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OULU 2006

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ACTA
UNIVERSITY OF OULU P.O. Box 7500 FI-90014 UNIVERSITY OF OULU FINLAND

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U N I V E R S I T AT I S O U L U E N S I S

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A C TA U N I V E R S I TAT I S O U L U E N S I S

S E R I E S E D I T O R S
Mika Huuhtanen TECHNICA

ASCIENTIAE RERUM NATURALIUM


ZEOLITE CATALYSTS IN

Mika Huuhtanen
Professor Mikko Siponen

BHUMANIORA THE REDUCTION OF NOX IN


LEAN AUTOMOTIVE EXHAUST
Professor Harri Mantila

CTECHNICA
Professor Juha Kostamovaara GAS CONDITIONS
DMEDICA
Professor Olli Vuolteenaho BEHAVIOUR OF CATALYSTS IN ACTIVITY,
DRIFT AND TPD STUDIES
ESCIENTIAE RERUM SOCIALIUM
Senior Assistant Timo Latomaa

FSCRIPTA ACADEMICA
Communications Officer Elna Stjerna

GOECONOMICA
Senior Lecturer Seppo Eriksson

EDITOR IN CHIEF
Professor Olli Vuolteenaho
EDITORIAL SECRETARY
Publications Editor Kirsti Nurkkala FACULTY OF TECHNOLOGY,
DEPARTMENT OF PROCESS AND ENVIRONMENTAL ENGINEERING,
UNIVERSITY OF OULU
ISBN 951-42-8285-X (Paperback)
ISBN 951-42-8286-8 (PDF)
ISSN 0355-3213 (Print)
ISSN 1796-2226 (Online)
ACTA UNIVERSITATIS OULUENSIS
C Te c h n i c a 2 6 1

MIKA HUUHTANEN

ZEOLITE CATALYSTS IN
THE REDUCTION OF NOX
IN LEAN AUTOMOTIVE EXHAUST
GAS CONDITIONS
Behaviour of catalysts in activity, DRIFT and
TPD studies

Academic dissertation to be presented, with the assent of


the Faculty of Technology of the University of Oulu, for
public defence in Auditorium TA105, Linnanmaa,
on December 1st, 2006, at 12 noon

O U L U N Y L I O P I S TO, O U L U 2 0 0 6
Copyright © 2006
Acta Univ. Oul. C 261, 2006

Supervised by
Professor Riitta L. Keiski

Reviewed by
Docent Narendra Kumar
Doctor Antonio E. Palomares Gimeno

ISBN 951-42-8285-X (Paperback)


ISBN 951-42-8286-8 (PDF) http://herkules.oulu.fi/isbn9514282868/
ISSN 0355-3213 (Printed)
ISSN 1796-2226 (Online) http://herkules.oulu.fi/issn03553213/

Cover design
Raimo Ahonen

OULU UNIVERSITY PRESS


OULU 2006
Huuhtanen, Mika, Zeolite catalysts in the reduction of NOx in lean automotive
exhaust gas conditions. Behaviour of catalysts in activity, DRIFT and TPD studies
Faculty of Technology, University of Oulu, P.O.Box 4000, FI-90014 University of Oulu, Finland,
Department of Process and Environmental Engineering, University of Oulu, P.O.Box 4300, FI-
90014 University of Oulu, Finland
Acta Univ. Oul. C 261, 2006
Oulu, Finland

Abstract
The aim of the thesis is to expand the knowledge of the catalytic properties of platinum-loaded zeolite
catalysts in the reduction of NOx by hydrocarbons. The work is divided into three parts. First the
recent literature of zeolite catalysts has been introduced, secondly the adsorption capacity, activity,
and acidity of the catalysts have been studied by TPD and IR techniques, and thirdly the derived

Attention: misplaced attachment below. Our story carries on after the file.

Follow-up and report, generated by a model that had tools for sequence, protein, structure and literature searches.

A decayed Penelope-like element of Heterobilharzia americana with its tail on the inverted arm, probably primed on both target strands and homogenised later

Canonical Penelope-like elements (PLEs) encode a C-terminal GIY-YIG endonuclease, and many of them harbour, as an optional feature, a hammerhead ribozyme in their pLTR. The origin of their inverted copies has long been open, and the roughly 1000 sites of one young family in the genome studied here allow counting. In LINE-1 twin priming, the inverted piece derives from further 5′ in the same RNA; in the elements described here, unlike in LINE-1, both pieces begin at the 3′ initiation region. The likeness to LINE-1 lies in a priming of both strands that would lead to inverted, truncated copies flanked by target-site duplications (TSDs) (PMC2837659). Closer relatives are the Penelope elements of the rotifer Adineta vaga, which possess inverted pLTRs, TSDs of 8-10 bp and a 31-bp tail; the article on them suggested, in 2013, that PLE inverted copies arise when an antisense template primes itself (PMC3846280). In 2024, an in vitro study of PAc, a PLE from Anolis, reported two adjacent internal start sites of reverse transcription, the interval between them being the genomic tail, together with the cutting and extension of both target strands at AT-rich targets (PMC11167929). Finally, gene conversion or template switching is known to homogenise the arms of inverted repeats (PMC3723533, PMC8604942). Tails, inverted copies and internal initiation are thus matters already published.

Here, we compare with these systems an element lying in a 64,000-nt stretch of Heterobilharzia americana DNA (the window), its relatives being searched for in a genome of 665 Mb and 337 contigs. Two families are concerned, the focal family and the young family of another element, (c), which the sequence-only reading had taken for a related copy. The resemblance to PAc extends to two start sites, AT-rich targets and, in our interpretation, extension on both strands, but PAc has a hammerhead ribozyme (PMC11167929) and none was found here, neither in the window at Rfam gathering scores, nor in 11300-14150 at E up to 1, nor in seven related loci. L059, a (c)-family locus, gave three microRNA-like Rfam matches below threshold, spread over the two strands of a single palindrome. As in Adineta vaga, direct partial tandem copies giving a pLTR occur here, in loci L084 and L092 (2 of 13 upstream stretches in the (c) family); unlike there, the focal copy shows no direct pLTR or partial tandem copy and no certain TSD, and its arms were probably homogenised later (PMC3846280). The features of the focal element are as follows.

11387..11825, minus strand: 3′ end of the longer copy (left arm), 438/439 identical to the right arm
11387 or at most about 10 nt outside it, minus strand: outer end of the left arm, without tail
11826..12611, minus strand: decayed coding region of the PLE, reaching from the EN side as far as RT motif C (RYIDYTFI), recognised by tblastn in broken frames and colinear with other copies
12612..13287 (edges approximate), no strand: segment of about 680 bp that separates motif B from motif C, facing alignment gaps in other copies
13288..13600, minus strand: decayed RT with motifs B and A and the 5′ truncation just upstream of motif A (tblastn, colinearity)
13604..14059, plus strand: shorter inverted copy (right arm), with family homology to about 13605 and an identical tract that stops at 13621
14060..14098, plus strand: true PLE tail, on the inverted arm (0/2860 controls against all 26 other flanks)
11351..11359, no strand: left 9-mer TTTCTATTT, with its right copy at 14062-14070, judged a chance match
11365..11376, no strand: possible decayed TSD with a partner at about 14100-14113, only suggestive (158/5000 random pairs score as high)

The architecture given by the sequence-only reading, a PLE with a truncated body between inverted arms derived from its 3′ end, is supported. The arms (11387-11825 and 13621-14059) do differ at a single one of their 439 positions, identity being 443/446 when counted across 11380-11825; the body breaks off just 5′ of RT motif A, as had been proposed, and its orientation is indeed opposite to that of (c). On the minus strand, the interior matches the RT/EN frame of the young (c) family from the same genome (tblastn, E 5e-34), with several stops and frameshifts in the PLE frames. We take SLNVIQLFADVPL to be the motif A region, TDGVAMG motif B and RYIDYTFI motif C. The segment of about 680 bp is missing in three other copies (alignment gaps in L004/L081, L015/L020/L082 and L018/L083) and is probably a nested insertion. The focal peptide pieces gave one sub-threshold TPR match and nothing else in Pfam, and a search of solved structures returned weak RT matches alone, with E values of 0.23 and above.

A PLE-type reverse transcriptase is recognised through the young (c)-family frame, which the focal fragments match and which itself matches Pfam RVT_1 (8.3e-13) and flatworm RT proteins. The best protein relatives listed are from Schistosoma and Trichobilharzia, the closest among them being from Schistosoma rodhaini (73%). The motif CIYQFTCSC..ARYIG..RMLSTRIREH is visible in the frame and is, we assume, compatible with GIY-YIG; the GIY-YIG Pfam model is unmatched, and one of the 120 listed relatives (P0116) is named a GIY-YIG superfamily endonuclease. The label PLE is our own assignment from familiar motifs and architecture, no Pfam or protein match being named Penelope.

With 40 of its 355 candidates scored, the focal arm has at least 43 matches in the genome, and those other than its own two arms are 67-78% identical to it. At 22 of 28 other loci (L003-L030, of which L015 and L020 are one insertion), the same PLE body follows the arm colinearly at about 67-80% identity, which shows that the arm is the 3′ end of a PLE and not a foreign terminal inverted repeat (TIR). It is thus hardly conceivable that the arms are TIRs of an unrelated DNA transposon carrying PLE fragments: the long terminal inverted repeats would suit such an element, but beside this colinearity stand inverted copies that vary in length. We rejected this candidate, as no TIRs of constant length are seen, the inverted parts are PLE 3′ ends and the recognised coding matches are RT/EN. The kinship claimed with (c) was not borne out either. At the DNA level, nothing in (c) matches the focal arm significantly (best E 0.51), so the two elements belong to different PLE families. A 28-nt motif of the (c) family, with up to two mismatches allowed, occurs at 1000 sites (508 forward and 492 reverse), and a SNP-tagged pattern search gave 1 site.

reaction mechanisms based on the obtained data are presented.
Parent and 1 wt-% Pt-loaded ZSM-5, Beta, Y, and Ferrierite zeolite catalysts have been studied in
the C3H6-assisted reduction of NO. The Pd/Al2O3-based catalyst was used as a reference material for
the reaction mechanistic studies. Several experimental techniques (in situ DRIFT, activity
measurements, CO chemisorption, N2 physisorption, TPD, and TEM) have been used for the
characterisation of the catalysts properties. The IR technique was used as the main technique for the
determination of activities, surface species, and the acidic properties of the zeolite-based catalysts.
The activity studies carried out by the gaseous FTIR technique provide information on the desired
reaction products as well as the undesired by-products. The detection and identification of the surface
species as well as the reaction intermediates formed were done by the DRIFT method.
The activity experiments indicate the effectiveness of the Pt-loaded zeolite catalysts. The
reduction of NO was found to decrease in the order: Pt/Beta > Pt/Y > Pt/Ferrierite > Pt/ZSM-5 in the
conditions with excess O2. Platinum can be concluded to have an effect on O2 and NO dissociation.
Oxidation reactions of NO to NO2 and propene to CO2 were observed to be more intense over the
platinum-loaded zeolites than over the parent zeolites.
In this work the reaction mechanisms for the C3H6-SCR of NO were derived over the Pt-loaded
zeolite as well as the Pd/alumina catalysts based on the data obtained by DRIFT and activity
experiments. The kinetics for the NO reduction by CO over Pd/Al2O3 was also derived. With the
methods employed, the mechanistic steps over the Pt-loaded zeolites and Pd/Al2O3-based catalysts
could be derived quite precisely and easily for C3H6-SCR of NO. Reaction routes were determined
to go via different formations of intermediates over the two catalysts, i.e. via organonitrogen and
isocyanate routes, respectively. The IR techniques were discovered to be effective tools in applied
engineering studies.

Keywords: acidity, aluminium oxide catalysts, catalyst activity, characterisation, infrared